Most invasion biologists counter that philosophical discussions of ‘naturalness’ don’t get us very far. Their concern is the effect on the travellers’ new homes. The fact that many organisms move about widely of their own accord is not, in itself, evidence that introduced species can’t be a problem. Most non-natives don’t establish a population, or they have no unwanted effects — as Elton wrote, “There are enormously more invasions that never happen, or fail quite soon or even after a good many years.” But a few do take hold. Some — mostly on islands or in lakes — threaten local inhabitants with extinction.
Such extinctions have surely occurred after long-distance range shifts that people had nothing to do with. The sudden arrival of rodents in South America 41 million years ago, for example, probably had far-reaching effects on the ecosystems there. Indeed, millions of years of planet-wide movements — including, in the past few millennia, journeys of animals and plants as stowaways or as travelling companions of humans — have shaped the ecosystems we are trying to protect.
But the pace of radical range shifts in today’s world is immeasurably higher. Before humans got to Hawaii, 30 new species made it there every million years. In the past 2 centuries, the islands have seen about 20 new species show up each year. And there is an ethical argument to be made that, when humans move species, we have a collective responsibility to mitigate the consequences. Cats and foxes that were introduced to Australia after European settlement in 1788 have helped to wipe out 22 native mammal species, such as the desert bandicoot (Perameles eremiana) and lesser stick-nest rat (Leporillus apicalis). Many introduced species will not cause significant problems. But if we wish to prevent extinctions, then a subset of these introduced species must be managed in some way. Shah does not parse these subtleties with the degree of nuance that specialists might want.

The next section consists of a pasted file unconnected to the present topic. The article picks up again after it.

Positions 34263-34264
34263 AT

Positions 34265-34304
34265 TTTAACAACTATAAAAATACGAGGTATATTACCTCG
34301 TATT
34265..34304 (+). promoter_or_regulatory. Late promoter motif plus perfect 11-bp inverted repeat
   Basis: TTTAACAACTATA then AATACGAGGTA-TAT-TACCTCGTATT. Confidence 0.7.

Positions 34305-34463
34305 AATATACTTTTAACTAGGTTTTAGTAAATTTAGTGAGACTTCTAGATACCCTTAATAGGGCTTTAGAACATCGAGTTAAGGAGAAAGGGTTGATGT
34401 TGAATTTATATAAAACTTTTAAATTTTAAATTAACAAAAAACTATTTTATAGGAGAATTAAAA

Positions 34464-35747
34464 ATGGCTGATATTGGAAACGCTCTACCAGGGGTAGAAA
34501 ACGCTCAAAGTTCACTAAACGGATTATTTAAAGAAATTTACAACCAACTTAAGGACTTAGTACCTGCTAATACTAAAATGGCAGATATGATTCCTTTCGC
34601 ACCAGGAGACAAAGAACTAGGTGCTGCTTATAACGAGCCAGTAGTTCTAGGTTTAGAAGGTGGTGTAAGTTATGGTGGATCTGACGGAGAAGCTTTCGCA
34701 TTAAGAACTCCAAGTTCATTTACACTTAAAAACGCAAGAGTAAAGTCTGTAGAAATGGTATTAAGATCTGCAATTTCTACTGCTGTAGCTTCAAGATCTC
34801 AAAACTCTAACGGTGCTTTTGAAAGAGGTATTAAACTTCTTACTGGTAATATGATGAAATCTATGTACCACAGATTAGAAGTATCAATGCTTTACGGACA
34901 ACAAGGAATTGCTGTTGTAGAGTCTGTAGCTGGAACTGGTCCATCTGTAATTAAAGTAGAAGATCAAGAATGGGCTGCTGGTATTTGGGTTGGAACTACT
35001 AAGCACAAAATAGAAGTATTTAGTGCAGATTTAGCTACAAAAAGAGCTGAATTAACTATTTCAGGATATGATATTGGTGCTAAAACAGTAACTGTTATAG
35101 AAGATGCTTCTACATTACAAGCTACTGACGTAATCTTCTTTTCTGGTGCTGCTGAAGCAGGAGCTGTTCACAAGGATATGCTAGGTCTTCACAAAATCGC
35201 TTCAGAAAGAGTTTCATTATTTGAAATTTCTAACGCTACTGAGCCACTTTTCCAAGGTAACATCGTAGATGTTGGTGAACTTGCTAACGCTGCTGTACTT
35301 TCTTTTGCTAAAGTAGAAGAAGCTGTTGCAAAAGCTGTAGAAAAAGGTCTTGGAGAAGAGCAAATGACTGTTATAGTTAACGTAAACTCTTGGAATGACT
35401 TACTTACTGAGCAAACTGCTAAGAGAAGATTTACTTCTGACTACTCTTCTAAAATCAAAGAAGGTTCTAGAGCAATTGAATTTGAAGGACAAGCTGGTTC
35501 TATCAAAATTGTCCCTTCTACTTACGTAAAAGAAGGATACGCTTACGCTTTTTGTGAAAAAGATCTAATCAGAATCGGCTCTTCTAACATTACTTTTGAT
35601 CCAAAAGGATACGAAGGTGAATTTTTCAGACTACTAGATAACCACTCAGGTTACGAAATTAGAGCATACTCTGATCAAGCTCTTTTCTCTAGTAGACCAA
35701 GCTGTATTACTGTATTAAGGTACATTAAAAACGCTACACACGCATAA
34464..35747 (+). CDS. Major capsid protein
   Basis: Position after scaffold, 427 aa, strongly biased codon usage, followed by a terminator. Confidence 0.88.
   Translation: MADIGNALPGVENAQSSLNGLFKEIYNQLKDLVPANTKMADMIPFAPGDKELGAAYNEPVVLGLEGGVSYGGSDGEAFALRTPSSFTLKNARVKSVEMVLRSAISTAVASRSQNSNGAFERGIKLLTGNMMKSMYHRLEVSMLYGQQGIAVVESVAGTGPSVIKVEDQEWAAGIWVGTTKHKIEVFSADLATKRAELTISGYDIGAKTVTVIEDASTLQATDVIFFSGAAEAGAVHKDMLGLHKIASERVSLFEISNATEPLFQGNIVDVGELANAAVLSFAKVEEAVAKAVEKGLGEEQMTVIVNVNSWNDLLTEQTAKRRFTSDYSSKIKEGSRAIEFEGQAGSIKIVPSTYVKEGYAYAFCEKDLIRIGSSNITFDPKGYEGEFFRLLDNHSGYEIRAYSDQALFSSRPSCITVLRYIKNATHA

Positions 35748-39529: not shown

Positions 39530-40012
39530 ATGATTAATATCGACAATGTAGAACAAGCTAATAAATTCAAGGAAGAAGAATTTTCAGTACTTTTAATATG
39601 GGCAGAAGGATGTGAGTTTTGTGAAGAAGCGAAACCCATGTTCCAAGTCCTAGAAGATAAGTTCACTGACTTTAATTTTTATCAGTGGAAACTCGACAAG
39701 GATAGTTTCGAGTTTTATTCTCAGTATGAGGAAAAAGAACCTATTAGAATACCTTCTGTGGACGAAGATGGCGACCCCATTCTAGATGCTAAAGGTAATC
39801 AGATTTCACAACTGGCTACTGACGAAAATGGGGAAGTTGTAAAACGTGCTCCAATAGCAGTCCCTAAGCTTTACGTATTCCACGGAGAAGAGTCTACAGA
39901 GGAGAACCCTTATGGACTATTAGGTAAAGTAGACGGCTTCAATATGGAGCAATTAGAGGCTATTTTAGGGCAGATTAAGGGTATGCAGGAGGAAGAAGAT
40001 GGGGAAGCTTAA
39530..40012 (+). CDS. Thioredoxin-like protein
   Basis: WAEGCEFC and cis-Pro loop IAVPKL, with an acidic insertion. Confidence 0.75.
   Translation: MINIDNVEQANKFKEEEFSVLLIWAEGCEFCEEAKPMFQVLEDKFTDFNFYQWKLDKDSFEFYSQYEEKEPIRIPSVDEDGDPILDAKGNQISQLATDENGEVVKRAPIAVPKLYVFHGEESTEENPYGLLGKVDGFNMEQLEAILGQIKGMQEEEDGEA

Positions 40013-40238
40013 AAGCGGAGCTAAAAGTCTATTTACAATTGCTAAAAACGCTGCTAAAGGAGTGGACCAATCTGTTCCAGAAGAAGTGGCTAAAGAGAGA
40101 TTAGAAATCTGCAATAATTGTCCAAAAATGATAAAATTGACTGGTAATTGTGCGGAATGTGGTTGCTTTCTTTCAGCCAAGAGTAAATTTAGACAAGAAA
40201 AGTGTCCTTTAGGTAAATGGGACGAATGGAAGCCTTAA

I do agree with her, however, that it is absolutely worth comparing our attitudes towards human and non-human migrants, especially as climate change increases all such movements — our temporary lockdown notwithstanding. As Earth heats, trees climb mountains, butterflies flutter north and birds nest in new places. Humans, too, are relocating in a flow “from south to north along the gradient of our warming planet”, Shah writes. She predicts that the biggest and most lasting human movements will be those sparked by persistent droughts. And climate migration won’t be a straightforward, predictable human tide. Each story of migration is unique, she says, motivated by an interplay of idiosyncratic social, economic and personal factors.
The shifting climate means that we must allow — and assist — people, plants and animals who are forced to relocate to survive. Instead of hardening our borders and fighting to prevent change at all costs, we should help migrants to move in a safe and orderly way. Context will tell us when specific moves — such as animal predators to remote islands — are unwise. But we must face the inevitable: our social, political and ecological world is changing substantially. The altered communities that result won’t just be different, they’ll often be better adapted to thrive in our warming world. As Shah writes, “We can turn migration from a crisis into its opposite: the solution.”